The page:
instead we have to dig through dozens, if not hundreds of civilopedia pages to find district neighbourhood bonuses........ and which improvements each has....... and which wonders interact with them...... and which civics......
    then you build a district and lose its right-click hyperlink to its civilopedia entry from the city screen.......
    and then the civilopedia doesn't default focus to the search text field.......
    and then the civilopedia doesn't remember the previous page it was opened on......
    Then you take over a city that's had its districts placed by the herpy-derp AI, and discover they can't be destroyed or relocated......
    Then you discover the crazy way that the cost of districts scales with cities + districts built, so actually building an expansive empire results in an entire mechanic of the game becoming cost prohibitive......
    and then you realise the tooltips that should be telling you about this scaling are completely absent.....

    So you're left with dozens of cities with no improvements to build, so what do you do? build units?

    So if the initial AI suicidal aggression doesn't railroad you into aggression, and you instead decide to colonize and expand, the construction cost scaling will eventually railroad you into aggression anyway because there's nothing else worth doing.

    Civ6 is another boring "go tall for 6000 years or wipe out the terminally handicapped AI asap" game; it isn't a Civilization building game.
     
  13. Nefelia

    Nefelia Prince

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    Ok, seriously, tone down the breathless hyperbole.

    The UI can use some improvement, sure. I like the general lay-out: verticle tablets to the left and the right of the screen when managing cities, and the full-screen reports you can access at the top left of the screen. Some information will need to be added, some condensed, and some cleaned up. However, we don't need a cicilopedia's worth of information in the general UI.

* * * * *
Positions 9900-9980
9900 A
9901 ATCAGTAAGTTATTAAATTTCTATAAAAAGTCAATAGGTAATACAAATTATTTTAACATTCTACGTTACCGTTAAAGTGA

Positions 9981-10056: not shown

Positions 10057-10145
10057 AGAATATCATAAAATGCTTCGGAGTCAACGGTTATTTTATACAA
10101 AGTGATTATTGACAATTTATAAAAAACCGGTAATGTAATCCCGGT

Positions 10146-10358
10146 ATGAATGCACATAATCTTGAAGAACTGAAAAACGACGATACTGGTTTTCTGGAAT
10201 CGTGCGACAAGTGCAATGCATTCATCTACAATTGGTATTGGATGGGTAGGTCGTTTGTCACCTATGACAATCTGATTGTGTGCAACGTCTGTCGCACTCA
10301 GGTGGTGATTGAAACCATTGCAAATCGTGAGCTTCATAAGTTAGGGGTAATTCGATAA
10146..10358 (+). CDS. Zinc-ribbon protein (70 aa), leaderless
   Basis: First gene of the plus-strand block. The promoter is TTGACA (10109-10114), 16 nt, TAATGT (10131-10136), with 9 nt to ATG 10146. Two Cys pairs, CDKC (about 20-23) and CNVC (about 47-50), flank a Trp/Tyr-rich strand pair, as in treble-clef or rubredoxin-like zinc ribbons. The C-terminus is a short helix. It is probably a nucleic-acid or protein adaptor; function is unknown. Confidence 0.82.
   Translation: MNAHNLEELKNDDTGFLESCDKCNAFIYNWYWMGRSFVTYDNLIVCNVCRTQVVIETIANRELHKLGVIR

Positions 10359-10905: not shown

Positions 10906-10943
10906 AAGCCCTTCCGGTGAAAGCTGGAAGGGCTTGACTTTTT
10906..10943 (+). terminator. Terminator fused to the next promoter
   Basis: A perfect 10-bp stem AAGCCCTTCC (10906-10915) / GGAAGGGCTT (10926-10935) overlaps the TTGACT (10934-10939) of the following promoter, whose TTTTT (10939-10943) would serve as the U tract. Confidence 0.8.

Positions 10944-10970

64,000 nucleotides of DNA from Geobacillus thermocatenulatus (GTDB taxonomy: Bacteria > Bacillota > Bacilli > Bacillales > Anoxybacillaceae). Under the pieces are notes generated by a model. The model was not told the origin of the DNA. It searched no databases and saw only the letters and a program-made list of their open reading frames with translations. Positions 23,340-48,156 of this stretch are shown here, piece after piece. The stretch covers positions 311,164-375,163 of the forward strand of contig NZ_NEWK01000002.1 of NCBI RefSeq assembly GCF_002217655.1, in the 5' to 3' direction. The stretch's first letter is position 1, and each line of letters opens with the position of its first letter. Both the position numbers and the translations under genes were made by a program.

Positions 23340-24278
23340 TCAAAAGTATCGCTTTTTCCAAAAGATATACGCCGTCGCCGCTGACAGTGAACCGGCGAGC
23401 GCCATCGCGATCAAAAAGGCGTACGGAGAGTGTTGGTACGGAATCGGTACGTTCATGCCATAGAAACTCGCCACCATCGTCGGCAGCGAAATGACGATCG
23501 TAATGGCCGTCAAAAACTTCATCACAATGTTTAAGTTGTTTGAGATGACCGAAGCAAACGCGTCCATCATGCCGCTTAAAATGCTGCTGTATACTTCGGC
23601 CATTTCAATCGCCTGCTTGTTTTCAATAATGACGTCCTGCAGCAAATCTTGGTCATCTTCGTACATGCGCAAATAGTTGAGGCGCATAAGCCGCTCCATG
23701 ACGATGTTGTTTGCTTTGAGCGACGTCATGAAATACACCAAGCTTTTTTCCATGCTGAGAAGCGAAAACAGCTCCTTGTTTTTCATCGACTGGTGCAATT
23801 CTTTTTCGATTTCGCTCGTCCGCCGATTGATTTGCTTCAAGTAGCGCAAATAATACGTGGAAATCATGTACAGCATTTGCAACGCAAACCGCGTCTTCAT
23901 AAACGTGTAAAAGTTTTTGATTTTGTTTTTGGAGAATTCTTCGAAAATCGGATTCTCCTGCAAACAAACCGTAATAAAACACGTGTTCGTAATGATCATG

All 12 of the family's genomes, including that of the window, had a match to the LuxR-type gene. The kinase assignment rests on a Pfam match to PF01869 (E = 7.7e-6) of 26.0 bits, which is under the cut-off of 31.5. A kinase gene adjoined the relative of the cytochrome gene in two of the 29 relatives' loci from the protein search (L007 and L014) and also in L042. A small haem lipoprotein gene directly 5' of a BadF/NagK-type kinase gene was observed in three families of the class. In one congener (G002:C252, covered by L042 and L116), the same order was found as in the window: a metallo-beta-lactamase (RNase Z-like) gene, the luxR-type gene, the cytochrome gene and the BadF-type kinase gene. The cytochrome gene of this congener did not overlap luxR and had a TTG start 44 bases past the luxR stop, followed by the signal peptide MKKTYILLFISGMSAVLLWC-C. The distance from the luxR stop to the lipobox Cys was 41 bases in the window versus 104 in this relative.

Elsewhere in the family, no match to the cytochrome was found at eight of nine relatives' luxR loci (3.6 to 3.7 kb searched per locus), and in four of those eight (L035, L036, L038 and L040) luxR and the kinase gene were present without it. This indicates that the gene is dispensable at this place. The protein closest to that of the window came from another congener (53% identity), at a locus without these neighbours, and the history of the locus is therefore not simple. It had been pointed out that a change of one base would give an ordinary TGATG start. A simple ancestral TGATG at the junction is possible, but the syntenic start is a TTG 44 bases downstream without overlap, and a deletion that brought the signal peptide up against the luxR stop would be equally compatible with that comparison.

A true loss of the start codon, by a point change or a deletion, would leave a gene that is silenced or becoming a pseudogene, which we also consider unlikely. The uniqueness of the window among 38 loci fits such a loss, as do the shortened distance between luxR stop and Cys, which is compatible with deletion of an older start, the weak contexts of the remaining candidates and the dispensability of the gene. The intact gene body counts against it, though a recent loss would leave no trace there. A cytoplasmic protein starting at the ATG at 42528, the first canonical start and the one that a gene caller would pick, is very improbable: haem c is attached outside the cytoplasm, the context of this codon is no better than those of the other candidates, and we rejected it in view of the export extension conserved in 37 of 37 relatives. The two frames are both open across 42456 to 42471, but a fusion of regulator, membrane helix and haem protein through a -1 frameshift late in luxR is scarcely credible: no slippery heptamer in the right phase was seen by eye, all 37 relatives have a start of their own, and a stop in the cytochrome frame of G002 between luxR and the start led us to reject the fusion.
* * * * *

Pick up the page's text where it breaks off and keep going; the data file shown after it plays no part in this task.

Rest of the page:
Civ VI is a brand new game with lots of new features and systems. It should be expected that you need to do a little research in the Civilopedia until you have memorized the relevant information.

    As for the AI's placement of districts, I have seen no major problems withthat so far. And a free district is a free district. Make the best of it. You also have the option of not conquering cities or razing conquered cities if you prefer.

    You can still build districts once they become more expensive. You'll have traders that can link low-production cities to developed cities with IZs. You'll have factories pumping out AOE production bonuses. You'll have the gold (or faith) on hand to straight-out purchase districts.
     
  14. Vohbo

    Vohbo Warlord

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    I think it is generally bad to try to solve a problem by changing what the problem is. The problem here is mostly the AI. Even more than mechanics, the AI is the most important part of a good strategy game. We know that a good AI is not only possible, but that it is likely that we already have the ability to create an AI that will beat human players every time on even footing. The problem I think is that the ability to program it is either lacking or expensive. The only way we are ever going to get a good AI is when we ask for it en masse. This is issue is bigger than whether there should be 1 UPT or not.
     
  15. PhilBowles

    PhilBowles Deity

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    You're creating a false dichotomy in saying "Even more than mechanics, the AI is the most important part of a good strategy game". The AI is perceived by the player as a separate entity from the game, but that's not how the coding works - it's just a series of routines each of which tells the game what to do in a given situation. It's fundamentally tied to the mechanics - the AI used to define how the game uses its armies is not the same system as the one used to define how it settles cities.